In this classroom activity, students analyze regional energy usage data and their own energy bills to gain an understanding of individual consumption, regional uses, costs, and sources of energy.

This animated visualization was created for the planetarium film 'Dynamic Earth'. It illustrates the trail of energy that flows from atmospheric wind currents to ocean currents.

This video provides an introduction to benefits and limitations of many sources of energy including fossil fuels, nuclear, hydro, wind, solar, geothermal, and biomass. It also discusses hydrogen and hybrid cars.

This is an interactive map of California and the Sierra Nevada mountains, showing projected variations in water stored in snowpack, from 1950 to 2090, assuming low or high emission scenarios over that period of time. Interactive can be adjusted to show different months of the year and various climate models, graphed by site.

This web-based activity tackles the broad reasons for undertaking ocean exploration - studying the interconnected issues of climate change, ocean health, energy and human health. Students examine the types of technology ocean scientists use to collect important data.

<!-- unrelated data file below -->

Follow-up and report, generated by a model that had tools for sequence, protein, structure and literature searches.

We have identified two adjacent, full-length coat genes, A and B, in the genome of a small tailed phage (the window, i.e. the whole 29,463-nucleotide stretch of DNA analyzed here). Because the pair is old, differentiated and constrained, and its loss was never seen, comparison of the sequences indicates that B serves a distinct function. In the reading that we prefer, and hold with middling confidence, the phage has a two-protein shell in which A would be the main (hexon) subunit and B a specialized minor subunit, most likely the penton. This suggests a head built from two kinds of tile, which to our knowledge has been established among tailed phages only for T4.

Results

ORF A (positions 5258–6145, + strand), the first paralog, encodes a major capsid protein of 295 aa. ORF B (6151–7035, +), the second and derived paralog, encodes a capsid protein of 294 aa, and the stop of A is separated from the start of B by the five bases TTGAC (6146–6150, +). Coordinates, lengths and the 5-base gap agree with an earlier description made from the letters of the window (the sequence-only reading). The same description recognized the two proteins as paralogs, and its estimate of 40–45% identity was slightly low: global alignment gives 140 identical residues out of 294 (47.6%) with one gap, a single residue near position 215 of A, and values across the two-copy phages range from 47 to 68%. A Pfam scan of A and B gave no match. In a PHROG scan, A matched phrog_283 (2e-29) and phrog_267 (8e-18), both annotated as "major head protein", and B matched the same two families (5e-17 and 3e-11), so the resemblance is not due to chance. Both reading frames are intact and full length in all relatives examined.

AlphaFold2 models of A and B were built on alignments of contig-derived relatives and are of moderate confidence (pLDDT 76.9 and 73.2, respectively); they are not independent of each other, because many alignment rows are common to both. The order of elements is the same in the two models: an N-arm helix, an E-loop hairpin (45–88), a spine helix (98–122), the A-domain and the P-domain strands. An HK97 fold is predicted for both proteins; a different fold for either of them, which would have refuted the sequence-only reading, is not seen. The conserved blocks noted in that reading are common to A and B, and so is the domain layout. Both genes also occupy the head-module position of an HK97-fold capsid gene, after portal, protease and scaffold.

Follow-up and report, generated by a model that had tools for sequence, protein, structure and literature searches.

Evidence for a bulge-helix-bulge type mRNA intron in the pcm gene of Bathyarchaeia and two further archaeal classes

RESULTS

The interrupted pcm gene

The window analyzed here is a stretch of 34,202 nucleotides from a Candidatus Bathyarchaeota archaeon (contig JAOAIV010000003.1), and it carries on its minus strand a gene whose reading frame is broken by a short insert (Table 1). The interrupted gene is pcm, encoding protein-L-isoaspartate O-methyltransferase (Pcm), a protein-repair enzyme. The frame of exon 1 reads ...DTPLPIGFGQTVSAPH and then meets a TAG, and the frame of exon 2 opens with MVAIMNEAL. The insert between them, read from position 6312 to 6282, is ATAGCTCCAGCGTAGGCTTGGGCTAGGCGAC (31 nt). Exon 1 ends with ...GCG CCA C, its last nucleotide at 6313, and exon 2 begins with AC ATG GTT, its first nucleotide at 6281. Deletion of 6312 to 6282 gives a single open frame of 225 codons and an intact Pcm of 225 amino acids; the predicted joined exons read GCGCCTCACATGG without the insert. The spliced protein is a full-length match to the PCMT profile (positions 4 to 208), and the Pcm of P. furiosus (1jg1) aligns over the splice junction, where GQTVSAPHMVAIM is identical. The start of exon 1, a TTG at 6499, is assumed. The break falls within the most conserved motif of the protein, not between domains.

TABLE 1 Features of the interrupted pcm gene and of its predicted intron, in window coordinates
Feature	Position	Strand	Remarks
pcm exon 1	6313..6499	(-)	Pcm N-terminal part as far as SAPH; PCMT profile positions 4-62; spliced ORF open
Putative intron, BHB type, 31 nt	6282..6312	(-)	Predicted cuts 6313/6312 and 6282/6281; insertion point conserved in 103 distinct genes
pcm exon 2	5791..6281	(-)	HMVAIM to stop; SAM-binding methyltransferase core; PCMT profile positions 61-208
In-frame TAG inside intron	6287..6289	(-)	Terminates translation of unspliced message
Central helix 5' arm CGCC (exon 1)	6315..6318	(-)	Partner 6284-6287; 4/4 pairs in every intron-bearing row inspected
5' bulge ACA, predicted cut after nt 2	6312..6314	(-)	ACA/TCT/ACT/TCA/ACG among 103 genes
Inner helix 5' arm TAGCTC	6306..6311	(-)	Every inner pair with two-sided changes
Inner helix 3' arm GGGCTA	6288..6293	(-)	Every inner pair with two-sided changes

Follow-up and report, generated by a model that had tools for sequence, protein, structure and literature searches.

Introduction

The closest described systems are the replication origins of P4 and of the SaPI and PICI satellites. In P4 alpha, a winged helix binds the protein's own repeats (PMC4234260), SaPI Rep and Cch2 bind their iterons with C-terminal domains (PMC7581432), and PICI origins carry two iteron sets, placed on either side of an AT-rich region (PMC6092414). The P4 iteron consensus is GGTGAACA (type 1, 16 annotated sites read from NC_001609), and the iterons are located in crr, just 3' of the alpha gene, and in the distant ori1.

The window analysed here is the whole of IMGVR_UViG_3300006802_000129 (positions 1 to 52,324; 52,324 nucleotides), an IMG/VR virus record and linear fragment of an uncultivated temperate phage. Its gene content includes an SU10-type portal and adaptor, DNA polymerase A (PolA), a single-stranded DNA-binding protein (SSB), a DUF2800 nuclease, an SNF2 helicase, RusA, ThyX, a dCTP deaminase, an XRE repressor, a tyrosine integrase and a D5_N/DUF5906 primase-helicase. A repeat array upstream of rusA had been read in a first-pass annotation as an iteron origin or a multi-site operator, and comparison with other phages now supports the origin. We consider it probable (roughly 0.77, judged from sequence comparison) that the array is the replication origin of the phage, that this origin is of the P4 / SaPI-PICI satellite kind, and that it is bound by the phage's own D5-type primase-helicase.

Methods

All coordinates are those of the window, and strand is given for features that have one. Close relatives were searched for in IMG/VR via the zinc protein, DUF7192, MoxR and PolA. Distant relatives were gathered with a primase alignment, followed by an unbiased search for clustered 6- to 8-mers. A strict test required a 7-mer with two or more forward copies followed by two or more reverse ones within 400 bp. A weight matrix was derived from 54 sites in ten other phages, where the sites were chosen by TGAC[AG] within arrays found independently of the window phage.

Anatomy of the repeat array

This straightforward calculator provides conversions from one unit of energy to the equivalent amount of CO2 emission expected from using that amount.

This interactive shows the extent of the killing of lodgepole pine trees in western Canada. The spread of pine beetle throughout British Columbia has devastated the lodgepole pine forests there. This animation shows the spread of the beetle and the increasing numbers of trees affected from 1999-2008 and predicts the spread up until 2015.

This video documents the scope of changes in the Arctic, focusing on the impacts of warming and climate change on the indigenous Inuit population.

This figure, the famous Keeling Curve, shows the history of atmospheric carbon dioxide concentrations as directly measured at Mauna Loa, Hawaii. This curve is an essential piece of evidence that shows the increased greenhouse gases that cause recent increases in global temperatures.

In this video segment, two students discuss the greenhouse effect and visit with research scientists at Biosphere 2 in Arizona, who research the effects of global climate change on organisms in a controlled facility. Their current research (as of 2002) focuses on the response to increased quantities of CO2 in a number of different model ecosystems.